Dictionary bookmarklet

A bookmarklet that opens an online dictionary to define your selected word.

One feature I really like about Safari on the iPhone is that when you’re reading an article you can highlight a word and get a definition from the built-in dictionary. I find it a very natural way to decipher the accurate intent of the author and the etymologies provided further illumine the word’s context.

If I want to look up a word when using a desktop Web browser I hit Alt+Home to go to my homepage, flat HTML with a form to search at websites I frequently use, type the word and choose a dictionary. I realised I’ve gotten so used to this process I don’t think about it even though I do it a lot and it’s not very efficient.

I thought about adding an option to the right-click context menu of the browser but most of them are so hideously stuffed with kitchen plumbing that it would be quicker to dust off an actual dictionary and flick through the pages.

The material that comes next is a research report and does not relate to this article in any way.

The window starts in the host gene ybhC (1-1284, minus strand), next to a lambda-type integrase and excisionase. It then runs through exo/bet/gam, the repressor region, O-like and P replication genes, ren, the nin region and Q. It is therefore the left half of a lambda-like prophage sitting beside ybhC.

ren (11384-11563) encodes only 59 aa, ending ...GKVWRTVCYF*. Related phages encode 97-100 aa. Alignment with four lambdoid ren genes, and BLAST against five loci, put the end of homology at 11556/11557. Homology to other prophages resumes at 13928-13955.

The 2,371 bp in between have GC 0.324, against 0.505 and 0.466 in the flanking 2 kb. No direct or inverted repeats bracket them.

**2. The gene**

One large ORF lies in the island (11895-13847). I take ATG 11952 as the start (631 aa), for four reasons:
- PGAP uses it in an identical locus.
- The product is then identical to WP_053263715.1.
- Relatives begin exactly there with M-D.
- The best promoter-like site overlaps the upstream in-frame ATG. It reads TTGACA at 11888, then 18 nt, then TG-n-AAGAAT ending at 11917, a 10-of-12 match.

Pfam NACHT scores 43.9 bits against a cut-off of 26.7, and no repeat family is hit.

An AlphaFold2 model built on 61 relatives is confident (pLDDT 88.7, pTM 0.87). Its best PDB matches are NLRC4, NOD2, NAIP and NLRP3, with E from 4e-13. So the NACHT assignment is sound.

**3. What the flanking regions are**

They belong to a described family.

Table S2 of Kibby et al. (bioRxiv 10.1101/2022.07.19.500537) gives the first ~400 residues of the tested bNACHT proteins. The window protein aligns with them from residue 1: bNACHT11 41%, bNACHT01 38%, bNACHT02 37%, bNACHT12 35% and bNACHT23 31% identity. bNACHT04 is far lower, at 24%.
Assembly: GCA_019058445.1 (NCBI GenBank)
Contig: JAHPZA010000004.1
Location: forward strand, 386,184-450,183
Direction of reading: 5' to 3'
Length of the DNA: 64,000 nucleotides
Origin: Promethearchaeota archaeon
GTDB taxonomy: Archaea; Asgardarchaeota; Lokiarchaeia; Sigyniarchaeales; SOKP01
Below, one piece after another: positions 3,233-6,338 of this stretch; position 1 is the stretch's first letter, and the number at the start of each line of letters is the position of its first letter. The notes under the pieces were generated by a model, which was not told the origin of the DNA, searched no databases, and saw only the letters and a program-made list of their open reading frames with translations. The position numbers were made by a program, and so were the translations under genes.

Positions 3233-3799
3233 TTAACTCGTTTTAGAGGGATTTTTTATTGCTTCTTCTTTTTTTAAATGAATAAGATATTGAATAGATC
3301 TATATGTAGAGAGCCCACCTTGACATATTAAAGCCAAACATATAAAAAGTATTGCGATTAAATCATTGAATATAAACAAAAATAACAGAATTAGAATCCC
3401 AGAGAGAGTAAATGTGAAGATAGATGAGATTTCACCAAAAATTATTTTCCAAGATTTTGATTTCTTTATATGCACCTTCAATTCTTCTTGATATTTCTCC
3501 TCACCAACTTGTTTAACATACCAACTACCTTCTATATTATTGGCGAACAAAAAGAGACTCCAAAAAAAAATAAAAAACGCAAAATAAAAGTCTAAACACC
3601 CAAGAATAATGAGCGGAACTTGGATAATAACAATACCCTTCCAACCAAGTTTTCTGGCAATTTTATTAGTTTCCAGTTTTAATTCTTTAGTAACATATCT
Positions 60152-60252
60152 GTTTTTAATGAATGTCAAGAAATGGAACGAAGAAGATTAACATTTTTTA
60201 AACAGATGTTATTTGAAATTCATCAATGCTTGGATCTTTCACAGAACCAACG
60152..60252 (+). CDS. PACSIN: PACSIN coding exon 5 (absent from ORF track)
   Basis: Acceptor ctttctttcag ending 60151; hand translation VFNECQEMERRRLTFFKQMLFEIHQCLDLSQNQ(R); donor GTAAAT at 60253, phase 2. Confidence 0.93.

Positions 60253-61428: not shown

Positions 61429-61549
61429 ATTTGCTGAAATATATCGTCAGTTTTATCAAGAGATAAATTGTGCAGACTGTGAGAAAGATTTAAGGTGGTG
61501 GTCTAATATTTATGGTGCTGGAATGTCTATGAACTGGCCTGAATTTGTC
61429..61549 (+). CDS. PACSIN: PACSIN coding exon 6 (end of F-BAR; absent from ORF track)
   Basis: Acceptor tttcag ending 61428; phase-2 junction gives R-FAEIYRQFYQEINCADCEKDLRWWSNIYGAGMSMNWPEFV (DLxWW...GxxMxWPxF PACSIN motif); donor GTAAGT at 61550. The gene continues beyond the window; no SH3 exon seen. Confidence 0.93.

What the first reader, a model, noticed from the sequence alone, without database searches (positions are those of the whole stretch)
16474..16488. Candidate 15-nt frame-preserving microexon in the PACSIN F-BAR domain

I’m a logophile not a sesquipedalian inveigler!

So instead I delved into “things that were cool to do with JavaScript in the year 2000” and created a few bookmarklets for online dictionaries. A bit passé but it’s functional and I use it so maybe it’s useful for you too?


How to use the bookmarklets

Simply click and drag on the bookmarklet you want to your browser’s toolbar. Internet Explorer: right-click on it and select Add to Favorites.

When you want to look up a word, select it and click on the bookmarket in your toolbar to open that page in the dictionary.

I’ve tested the bookmarklets in recent versions of Firefox, Chrome, Safari, and Internet Explorer so the selections should work crossbrowser.


Here are some words I looked up recently if you want to test a bookmarklet:

  • abstruse
  • battology
  • jeremiad
  • preternaturally
  • standpoint
  • titivating


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